What is Skurfing?

The Grom Life is an independent publisher. You will not find paid product promotions or sponsored content on this site. You will find affiliate links which means we may earn a commission if you purchase through these links.

Skurfing was once hailed as the sport that would take over the world, or at least the world of water sports.

It was massively popular a few decades ago, and while it has since faded into relative obscurity, it’s still out there, it’s still performed, and there is still some value to it.

But what is skurfing, how does it compare to water skiing, wakeboarding, and surfing, and what kind of equipment do you need?

Skurfing = Water Skiing and Surfing

Skurfing is a portmanteau of the words “water skiing” and “surfing”.

It was invented in the 1980s as a way for surfers and water skiers to get some action on flat surf.

Skurfers use a shorter version of a surfboard and hold onto a rope while being pulled along by a boat.

Who Invented Skurfing?

The “Skurfer” board was invented in 1985 by a California-based surfer named Tony Finn.

The board was shorter and narrower than a surfboard and also included two foot straps to secure the rider to the board just like a snowboard or skis.

Finn was the one who trademarked the name “Skurfer”, but it may have first been used by a New Zealander called Allan Byrne, who was indirectly connected to Finn and may have been his inspiration.

A man named Jimmy Redmon also played a key role in the early history of skurfing with a board that he dubbed “The Redline”.

These two boards were designed for basically the same purpose, but there were some slight differences between the two.

Both boards were narrow and short when compared to a traditional shortboard surfboard.

They were also designed to deliver a high level of buoyancy and to move quickly, but unlike surfboards, there was no emphasis on maneuverability and they were very limited in this area.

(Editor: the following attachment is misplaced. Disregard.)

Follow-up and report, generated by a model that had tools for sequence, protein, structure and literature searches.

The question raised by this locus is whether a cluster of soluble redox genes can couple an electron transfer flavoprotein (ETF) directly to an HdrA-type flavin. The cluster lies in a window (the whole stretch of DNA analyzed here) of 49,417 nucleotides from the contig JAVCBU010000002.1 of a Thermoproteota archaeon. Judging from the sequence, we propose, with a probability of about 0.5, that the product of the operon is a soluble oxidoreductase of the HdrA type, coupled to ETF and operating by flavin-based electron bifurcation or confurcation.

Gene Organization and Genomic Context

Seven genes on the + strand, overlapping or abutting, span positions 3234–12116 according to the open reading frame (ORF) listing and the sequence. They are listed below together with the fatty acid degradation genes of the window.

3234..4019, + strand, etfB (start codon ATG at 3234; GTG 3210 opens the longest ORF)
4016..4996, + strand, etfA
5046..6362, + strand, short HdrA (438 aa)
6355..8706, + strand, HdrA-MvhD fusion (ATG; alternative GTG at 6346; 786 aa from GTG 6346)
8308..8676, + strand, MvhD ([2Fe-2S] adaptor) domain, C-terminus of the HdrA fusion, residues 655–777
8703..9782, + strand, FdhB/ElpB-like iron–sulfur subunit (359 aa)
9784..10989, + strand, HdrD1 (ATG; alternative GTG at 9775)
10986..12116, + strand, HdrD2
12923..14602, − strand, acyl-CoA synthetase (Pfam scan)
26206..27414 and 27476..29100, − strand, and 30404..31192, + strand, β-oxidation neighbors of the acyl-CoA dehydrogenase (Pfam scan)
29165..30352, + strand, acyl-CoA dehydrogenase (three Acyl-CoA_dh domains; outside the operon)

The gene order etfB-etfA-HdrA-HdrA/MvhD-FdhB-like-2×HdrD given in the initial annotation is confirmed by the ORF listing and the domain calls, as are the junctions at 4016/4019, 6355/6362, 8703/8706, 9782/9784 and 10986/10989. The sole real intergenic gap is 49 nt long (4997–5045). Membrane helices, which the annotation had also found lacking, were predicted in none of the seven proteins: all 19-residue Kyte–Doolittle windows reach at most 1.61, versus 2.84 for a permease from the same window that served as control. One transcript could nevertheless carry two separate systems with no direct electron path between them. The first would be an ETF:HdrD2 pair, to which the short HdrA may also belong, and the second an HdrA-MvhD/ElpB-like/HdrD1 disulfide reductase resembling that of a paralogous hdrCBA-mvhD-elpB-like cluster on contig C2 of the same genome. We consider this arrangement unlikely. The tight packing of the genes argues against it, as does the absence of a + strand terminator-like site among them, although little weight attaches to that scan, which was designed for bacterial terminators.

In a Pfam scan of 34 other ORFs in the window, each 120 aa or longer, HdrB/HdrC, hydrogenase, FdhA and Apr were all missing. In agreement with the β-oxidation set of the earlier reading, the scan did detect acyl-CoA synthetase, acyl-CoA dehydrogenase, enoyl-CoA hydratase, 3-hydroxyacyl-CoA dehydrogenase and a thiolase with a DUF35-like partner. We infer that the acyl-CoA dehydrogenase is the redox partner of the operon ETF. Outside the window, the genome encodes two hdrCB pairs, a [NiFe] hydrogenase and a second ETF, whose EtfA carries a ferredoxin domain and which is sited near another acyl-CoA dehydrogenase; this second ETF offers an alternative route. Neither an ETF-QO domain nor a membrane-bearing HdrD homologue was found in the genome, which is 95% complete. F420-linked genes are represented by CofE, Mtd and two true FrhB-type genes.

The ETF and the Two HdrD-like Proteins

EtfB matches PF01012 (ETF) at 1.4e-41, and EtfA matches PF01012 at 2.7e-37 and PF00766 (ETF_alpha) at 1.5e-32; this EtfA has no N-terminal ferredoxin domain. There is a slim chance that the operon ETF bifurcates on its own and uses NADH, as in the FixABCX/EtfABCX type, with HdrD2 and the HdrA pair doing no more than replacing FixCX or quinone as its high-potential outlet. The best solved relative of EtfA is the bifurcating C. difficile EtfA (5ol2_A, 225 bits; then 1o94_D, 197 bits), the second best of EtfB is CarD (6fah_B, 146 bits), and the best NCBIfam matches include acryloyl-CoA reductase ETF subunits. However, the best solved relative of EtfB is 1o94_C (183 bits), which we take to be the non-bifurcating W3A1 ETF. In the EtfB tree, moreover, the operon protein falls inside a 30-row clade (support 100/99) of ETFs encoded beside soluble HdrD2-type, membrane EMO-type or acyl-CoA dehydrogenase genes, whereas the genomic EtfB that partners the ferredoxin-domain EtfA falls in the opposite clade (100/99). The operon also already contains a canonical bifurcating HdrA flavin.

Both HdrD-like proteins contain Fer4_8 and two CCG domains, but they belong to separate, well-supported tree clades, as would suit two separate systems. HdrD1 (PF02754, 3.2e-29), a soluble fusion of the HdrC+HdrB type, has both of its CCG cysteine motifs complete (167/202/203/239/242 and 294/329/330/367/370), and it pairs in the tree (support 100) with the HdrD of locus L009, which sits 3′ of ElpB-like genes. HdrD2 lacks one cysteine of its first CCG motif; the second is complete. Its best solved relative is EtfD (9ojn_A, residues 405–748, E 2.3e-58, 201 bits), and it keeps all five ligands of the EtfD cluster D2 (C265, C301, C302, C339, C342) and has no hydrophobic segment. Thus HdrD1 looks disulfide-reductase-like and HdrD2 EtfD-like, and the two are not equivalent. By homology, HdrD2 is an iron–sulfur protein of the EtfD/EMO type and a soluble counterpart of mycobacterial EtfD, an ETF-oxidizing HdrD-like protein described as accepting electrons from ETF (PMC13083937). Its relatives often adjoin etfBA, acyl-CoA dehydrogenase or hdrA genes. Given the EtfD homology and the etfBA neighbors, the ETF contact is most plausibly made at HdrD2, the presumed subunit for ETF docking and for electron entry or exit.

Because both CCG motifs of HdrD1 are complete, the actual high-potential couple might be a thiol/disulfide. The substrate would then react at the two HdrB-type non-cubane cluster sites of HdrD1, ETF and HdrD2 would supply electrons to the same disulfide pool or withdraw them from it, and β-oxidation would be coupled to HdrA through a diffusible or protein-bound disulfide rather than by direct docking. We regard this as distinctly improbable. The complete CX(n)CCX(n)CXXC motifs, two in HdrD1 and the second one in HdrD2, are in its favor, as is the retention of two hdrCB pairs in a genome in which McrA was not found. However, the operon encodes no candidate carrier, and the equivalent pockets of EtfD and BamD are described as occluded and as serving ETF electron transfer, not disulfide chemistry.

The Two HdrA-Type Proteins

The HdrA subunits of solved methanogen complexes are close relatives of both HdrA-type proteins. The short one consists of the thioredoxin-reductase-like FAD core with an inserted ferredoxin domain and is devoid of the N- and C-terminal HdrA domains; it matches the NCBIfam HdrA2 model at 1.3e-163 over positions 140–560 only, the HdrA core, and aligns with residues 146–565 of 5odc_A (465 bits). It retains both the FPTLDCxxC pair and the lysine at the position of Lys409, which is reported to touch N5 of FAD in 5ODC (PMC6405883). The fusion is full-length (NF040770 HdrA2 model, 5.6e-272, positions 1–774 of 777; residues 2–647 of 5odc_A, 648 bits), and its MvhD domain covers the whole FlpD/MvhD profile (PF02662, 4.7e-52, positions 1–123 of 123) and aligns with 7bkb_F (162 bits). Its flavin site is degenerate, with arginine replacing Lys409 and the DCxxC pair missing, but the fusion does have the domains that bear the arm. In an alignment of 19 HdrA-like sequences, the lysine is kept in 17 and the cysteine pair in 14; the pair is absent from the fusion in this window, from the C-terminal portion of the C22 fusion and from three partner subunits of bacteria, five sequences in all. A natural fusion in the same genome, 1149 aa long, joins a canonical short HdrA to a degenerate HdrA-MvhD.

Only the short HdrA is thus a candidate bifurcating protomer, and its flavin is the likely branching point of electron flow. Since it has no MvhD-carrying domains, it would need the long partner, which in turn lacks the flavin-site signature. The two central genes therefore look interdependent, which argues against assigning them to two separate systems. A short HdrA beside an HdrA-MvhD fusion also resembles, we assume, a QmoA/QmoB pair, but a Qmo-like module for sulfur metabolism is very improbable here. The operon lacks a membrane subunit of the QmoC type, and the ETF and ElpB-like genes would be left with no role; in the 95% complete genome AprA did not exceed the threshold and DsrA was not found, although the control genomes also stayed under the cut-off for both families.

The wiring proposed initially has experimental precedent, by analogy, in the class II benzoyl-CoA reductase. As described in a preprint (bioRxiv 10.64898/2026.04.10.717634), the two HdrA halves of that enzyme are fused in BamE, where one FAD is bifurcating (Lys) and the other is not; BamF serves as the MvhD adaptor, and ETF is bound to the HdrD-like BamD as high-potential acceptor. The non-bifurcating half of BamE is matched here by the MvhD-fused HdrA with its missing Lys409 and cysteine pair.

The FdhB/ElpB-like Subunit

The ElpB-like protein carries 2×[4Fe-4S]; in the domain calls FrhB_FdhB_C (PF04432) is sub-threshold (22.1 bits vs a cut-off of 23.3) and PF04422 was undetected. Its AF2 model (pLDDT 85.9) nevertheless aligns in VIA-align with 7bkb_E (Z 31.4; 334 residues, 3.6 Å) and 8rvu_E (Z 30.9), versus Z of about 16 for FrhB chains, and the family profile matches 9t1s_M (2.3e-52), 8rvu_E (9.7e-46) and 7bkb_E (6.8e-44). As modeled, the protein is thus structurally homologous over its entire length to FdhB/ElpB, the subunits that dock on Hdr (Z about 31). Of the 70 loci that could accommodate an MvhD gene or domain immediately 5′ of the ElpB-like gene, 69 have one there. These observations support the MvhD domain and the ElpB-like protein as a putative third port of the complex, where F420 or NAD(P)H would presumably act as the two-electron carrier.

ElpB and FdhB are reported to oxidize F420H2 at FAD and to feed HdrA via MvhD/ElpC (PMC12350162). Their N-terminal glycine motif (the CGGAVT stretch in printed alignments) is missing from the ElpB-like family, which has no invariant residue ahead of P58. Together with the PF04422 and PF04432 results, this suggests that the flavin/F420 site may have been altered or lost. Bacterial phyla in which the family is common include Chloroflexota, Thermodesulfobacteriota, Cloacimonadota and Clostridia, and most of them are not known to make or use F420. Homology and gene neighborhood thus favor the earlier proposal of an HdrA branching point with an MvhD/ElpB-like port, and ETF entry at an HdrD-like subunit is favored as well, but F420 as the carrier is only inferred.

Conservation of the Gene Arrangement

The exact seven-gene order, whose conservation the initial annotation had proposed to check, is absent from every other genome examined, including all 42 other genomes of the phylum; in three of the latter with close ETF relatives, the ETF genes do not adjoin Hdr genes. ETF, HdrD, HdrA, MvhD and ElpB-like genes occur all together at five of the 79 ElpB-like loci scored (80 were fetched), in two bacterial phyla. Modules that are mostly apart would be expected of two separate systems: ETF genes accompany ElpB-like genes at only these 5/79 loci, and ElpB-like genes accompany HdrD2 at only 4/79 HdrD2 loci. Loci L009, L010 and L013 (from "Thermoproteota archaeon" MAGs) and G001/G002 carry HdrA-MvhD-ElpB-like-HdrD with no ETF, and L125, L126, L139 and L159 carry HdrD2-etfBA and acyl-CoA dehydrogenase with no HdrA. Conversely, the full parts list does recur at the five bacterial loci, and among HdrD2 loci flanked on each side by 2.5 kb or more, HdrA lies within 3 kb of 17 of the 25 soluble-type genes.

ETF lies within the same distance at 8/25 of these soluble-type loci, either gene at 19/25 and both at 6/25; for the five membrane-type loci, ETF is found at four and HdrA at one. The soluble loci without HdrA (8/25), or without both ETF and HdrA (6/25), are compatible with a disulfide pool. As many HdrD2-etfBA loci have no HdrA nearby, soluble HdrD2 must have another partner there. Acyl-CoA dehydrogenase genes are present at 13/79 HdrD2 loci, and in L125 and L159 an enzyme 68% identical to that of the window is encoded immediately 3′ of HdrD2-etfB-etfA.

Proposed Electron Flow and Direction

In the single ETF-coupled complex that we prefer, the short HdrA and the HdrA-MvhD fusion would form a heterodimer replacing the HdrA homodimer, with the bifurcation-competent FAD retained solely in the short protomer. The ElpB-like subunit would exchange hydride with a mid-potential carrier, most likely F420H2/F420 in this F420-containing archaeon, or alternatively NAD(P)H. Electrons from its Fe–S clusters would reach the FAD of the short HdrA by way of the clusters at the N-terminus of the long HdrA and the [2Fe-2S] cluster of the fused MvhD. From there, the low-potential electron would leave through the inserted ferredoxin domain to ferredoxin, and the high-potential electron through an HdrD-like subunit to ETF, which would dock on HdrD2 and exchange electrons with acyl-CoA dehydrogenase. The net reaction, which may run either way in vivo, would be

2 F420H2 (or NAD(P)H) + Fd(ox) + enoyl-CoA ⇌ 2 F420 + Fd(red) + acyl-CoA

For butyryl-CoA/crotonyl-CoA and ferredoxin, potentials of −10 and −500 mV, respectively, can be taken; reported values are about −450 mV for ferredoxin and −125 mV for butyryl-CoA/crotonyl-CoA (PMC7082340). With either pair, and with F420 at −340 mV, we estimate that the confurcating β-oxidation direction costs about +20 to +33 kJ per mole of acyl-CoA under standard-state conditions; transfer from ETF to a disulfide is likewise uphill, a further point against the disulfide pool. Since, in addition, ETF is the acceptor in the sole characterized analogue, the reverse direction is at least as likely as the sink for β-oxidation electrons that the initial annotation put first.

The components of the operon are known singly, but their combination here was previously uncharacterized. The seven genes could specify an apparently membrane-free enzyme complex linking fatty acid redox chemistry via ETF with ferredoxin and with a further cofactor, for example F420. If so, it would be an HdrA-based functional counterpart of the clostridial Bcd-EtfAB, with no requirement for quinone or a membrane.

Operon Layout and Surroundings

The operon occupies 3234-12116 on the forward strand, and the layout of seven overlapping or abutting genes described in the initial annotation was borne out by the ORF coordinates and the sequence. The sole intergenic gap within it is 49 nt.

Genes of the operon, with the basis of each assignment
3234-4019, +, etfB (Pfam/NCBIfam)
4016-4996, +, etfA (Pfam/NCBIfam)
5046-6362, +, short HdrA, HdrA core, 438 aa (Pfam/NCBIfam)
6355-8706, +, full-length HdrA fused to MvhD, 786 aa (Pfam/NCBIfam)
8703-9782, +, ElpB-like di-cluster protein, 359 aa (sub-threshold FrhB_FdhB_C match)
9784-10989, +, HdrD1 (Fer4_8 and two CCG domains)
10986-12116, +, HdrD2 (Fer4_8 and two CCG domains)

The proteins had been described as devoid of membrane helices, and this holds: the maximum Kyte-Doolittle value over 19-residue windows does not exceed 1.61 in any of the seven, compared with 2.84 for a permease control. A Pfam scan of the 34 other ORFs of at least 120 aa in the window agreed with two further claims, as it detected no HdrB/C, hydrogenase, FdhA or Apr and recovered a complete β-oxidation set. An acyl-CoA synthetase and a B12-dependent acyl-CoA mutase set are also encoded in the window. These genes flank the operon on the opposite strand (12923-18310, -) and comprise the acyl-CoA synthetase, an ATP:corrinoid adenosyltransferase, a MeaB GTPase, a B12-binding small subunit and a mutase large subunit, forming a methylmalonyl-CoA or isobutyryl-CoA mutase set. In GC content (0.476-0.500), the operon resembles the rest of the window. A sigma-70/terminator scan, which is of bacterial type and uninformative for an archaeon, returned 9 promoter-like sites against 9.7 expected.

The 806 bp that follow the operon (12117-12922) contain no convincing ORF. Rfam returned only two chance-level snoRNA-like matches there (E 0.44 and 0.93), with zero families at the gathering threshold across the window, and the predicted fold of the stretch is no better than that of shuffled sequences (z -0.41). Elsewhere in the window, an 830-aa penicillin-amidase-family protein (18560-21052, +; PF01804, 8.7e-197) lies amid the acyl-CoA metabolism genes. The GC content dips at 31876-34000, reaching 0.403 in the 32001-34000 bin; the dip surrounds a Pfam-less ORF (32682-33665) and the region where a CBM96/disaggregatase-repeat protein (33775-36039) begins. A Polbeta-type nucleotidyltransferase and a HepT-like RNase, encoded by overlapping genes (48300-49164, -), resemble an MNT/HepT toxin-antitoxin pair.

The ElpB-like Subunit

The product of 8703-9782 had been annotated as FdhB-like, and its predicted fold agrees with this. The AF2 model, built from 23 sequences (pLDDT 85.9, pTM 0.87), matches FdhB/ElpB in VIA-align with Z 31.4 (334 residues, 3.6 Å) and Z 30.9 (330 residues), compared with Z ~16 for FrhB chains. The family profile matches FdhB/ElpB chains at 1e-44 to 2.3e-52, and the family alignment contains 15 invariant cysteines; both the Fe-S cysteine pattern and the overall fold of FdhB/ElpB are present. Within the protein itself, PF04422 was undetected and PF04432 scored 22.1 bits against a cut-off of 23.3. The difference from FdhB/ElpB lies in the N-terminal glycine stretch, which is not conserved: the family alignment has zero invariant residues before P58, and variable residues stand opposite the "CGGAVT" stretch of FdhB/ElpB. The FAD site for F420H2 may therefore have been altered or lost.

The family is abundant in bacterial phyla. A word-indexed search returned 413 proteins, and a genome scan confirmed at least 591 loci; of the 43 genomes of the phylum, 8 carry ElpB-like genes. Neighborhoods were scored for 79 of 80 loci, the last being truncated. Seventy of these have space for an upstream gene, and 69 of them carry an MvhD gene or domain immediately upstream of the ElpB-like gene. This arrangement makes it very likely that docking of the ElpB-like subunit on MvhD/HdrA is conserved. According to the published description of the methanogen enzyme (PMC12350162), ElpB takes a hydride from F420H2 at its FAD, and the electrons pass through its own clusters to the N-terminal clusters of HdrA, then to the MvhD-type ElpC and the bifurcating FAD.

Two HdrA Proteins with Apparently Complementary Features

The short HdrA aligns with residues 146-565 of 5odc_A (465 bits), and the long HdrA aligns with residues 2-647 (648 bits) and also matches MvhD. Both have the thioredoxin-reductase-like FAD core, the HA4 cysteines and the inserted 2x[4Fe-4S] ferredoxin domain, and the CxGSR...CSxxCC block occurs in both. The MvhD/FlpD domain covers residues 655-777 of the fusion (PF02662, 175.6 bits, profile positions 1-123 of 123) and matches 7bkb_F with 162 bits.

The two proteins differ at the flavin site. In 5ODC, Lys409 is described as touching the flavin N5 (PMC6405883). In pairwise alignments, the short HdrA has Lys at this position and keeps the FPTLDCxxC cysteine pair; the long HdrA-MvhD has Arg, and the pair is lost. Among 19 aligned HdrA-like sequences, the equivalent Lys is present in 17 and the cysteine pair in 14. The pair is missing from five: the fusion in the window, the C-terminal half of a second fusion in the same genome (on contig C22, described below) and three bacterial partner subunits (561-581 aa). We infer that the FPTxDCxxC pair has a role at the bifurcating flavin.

The Redline was the first one to have foot straps and was smaller than the Skurfer.

It also wasn’t very durable while the wood and fiberglass construction of the Surfer made it a longer-lasting board.

The Pros and Cons of Skurfers

There were several huge benefits to boards like the Redline and the Skurfer.

The two foot straps, for instance, allowed the rider to maintain their balance during even the toughest conditions.

They could also gain huge air and use it to perform a variety of impressive tricks, and this is one of the reasons that water skurfing became so popular so quickly.

The boards weren’t without their issues, though.

For one thing, a lot of energy was needed for the skurfer to stand up and start planing the surface of the water.

The boards were very narrow and buoyant, and this made it difficult for the skurfer.

It also required a lot of strength and so the best riders were often very strong and experienced, meaning it wasn’t very accessible to beginners.

The Rise and Fall of Skurfing

Skurfboards didn’t experience a great deal of innovation over the years and, as a result, the aforementioned limitations remained.

When those innovations finally came, they were too good and basically killed the sport of skurfing.

Jimmy Redmon and Tony Finn met each other during the early 1990s before putting their heads together and founding Waketech.

After a couple of years of research and development, Waketech created the twin-tip board, so-named because it was rounded at both ends, making it easier to perform tricks and change direction.

The twin-tipped board gave rise to a new sport: Wakeboarding.

Skurfing had its heyday during the 1980s and early 1990s.

It was one of the fastest-growing water sports at this time but it didn’t last, and the popularity dipped with the introduction of twin-tipped wakeboards and the rise of wakeboarding in general.

Many actually consider skurfing to be a precursor of modern wakeboarding, and in recent times, its popularity is overshadowed by wakeboarding.

How to Skurf

If you’re new to water sports and want a sport that is accessible and with a short learning curve, skurfing is definitely not the answer.